It is obvious to many observers of government processes that because scientists (like Allen Finkel) are professional specialists, they so often make two kinds of ritualistic move. They either defer to other experts, including politicians and other scientists (and sometimes social analysts), or they presume to be experts about everything (including ‘society’). Often they do both, which appears to be the current position of Allen Finkel on the subject of the control of big data by public policy.
Governments and their advisers need to take note of these now fairly common perceptions of expertise and its role in government. They also need to grasp the current nettle: together, governments and expert advisers need to come up with legislation that will put AI providers and large corporate and government users ‘back in the box’. This is what increasing numbers of Australian citizens want.
The current fiasco that is the Australian Government’s My Health Record website underscores many of the issues raised so far. To paraphrase the recent conclusions of the Australian Privacy Foundation: if it looks like a government surveillance system, and operates like a government surveillance system, it probably is a government surveillance system. The intrusive nature of this website should be clear from the government’s change in tactic to allow individual medicare card holders to ‘opt out’ (as opposed to ‘opting in’). Unfortunately, if an adult has children covered by the one card, there is no provision for these children to opt out. Tough: in for life.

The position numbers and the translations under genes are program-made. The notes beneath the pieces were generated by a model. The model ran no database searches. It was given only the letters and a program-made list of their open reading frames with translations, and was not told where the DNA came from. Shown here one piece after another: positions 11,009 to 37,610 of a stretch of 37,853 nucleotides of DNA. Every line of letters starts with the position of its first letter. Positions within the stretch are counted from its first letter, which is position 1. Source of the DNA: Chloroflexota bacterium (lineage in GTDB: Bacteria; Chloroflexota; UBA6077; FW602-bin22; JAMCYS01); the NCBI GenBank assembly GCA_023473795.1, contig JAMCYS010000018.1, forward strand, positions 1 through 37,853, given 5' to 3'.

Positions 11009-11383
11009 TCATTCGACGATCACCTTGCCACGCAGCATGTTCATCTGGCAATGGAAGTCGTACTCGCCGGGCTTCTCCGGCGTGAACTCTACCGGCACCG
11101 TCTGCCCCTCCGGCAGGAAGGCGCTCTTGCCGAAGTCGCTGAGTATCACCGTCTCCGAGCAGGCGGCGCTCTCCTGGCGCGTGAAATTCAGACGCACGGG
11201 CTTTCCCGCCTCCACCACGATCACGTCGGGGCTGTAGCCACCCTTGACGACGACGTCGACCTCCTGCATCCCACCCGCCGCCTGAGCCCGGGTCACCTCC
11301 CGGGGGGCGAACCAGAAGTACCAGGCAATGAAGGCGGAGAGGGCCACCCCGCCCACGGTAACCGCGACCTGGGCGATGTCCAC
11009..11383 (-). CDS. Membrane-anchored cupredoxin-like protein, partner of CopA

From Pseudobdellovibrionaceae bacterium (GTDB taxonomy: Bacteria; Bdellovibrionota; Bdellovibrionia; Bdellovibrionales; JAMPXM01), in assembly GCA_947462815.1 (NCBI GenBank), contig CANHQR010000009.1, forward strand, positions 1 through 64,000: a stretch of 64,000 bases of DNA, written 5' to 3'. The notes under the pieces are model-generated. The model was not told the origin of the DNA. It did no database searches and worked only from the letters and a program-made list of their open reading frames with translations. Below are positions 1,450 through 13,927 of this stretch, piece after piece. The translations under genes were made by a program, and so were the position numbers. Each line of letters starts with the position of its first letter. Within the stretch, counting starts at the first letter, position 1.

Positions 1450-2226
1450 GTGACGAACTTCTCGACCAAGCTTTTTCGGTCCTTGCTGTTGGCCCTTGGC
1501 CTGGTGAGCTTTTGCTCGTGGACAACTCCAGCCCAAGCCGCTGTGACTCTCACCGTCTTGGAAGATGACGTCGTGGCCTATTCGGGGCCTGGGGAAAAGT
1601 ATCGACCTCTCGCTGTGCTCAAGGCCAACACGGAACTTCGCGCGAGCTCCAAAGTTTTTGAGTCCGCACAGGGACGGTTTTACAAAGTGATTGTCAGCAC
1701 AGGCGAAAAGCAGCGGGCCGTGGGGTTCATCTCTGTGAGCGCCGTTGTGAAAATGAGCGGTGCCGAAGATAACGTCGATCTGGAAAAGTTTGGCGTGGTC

This website also cannot provide clinical advice. All it can do is provide about 900,000 individuals access to some of your health records. Pam Dixon, executive director of the World Privacy Forum says, ‘[i]f 900,000 individuals can gain access to a record, that means there are 900,00 potential misuses of that record. That is an unusual threat vector; you don’t usually see this in other healthcare systems’ (Jennifer Duke, Ben Grubb and Esther Han, ‘To opt out or not: split on health data’, SMH, July 21-22, 2018, p. 21).
All this is symptomatic of what the future of AI in Australia, and elsewhere, is likely to involve: a series of ambit claims by big data users and providers on our personal data. Further, we should never forget that most scientists and politicians are wedded to big data. As Allen Finkel’s writing so clearly implies, it’s up to the voting public to force change; we can’t expect experts, expert systems, and governments, to legislate themselves into limited data access; that would involve a clear conflict of interests.
Nonetheless, in liberal democratic societies like Australia, we depend upon experts to advise governments, and the general public. The Chief Scientist and expert committees, like the Human Rights Commission, should present opinions and analysis - and should be able to be forthright and fearless in the process. We await the Commission’s forthcoming issues paper on the impact of technology (including AI), on human rights with bated breath.